Columns Archive

The Telecom Takeover of Canada’s Do-Not-Call List

Appeared in the Toronto Star on October 22, 2007 as Do-Not-Call List Process a Farce

The news over the summer that the Canadian Radio-television and Telecommunications Commission was at long last moving forward with a national do-not-call list generated a sigh of relief from millions of Canadians fed up with intrusive, unwanted, and inconvenient unsolicited telemarketing calls.  

In the past few months, the do-not-call list details have begun to emerge with the CRTC addressing questions surrounding who will run the list, who will pay for it, and who will investigate consumer complaints.  While Canadians might expect most of those responsibilities to rest with the CRTC, the Commission appears to have a far different vision – one that involves a near-complete outsourcing of responsibilities to Canada’s dominant telecommunications companies.

The CRTC was never particularly supportive of the do-not-call list.  Indeed, Charles Dalfen, the former CRTC chair, told the Canadian Press in 2004 that a do-not-call list was a good idea, but that the Commission "isn't equipped to administer such a list and doesn't have the power to enforce it properly."

Consistent with that perspective, the CRTC has sketched out a system where the do-not-call list would be maintained by a non-governmental entity and paid for primarily by businesses that engage in telemarketing.  Complaints would be investigated by the newly-created telecom company-backed complaints commission.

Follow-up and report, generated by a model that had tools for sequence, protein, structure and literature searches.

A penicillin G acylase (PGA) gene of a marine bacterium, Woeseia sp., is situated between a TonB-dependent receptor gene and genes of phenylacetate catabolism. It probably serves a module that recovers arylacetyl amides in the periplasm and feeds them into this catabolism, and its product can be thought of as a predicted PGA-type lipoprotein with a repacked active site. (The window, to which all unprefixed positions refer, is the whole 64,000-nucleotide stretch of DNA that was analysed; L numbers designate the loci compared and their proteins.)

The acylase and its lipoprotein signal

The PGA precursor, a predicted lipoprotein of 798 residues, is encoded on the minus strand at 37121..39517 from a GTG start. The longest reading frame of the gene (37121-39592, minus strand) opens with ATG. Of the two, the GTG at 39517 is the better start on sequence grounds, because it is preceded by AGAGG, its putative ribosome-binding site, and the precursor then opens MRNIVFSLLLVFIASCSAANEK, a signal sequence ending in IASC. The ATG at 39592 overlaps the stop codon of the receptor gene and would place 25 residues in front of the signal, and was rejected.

This system has elicited considerable opposition from some marketing, financial, and charitable groups, yet the telecom companies are unsurprisingly supportive since they are literally poised to run the entire operation from registration to investigation.

Start with operation of the do-not-call list.  The CRTC's open call set a high bar on who can run the list, effectively eliminating many smaller businesses from the competition.  That left the telecommunications companies – already familiar with calling and registration systems – as the leading candidates.  Last week, a Bell spokesperson acknowledged that the company has submitted a bid to run the list.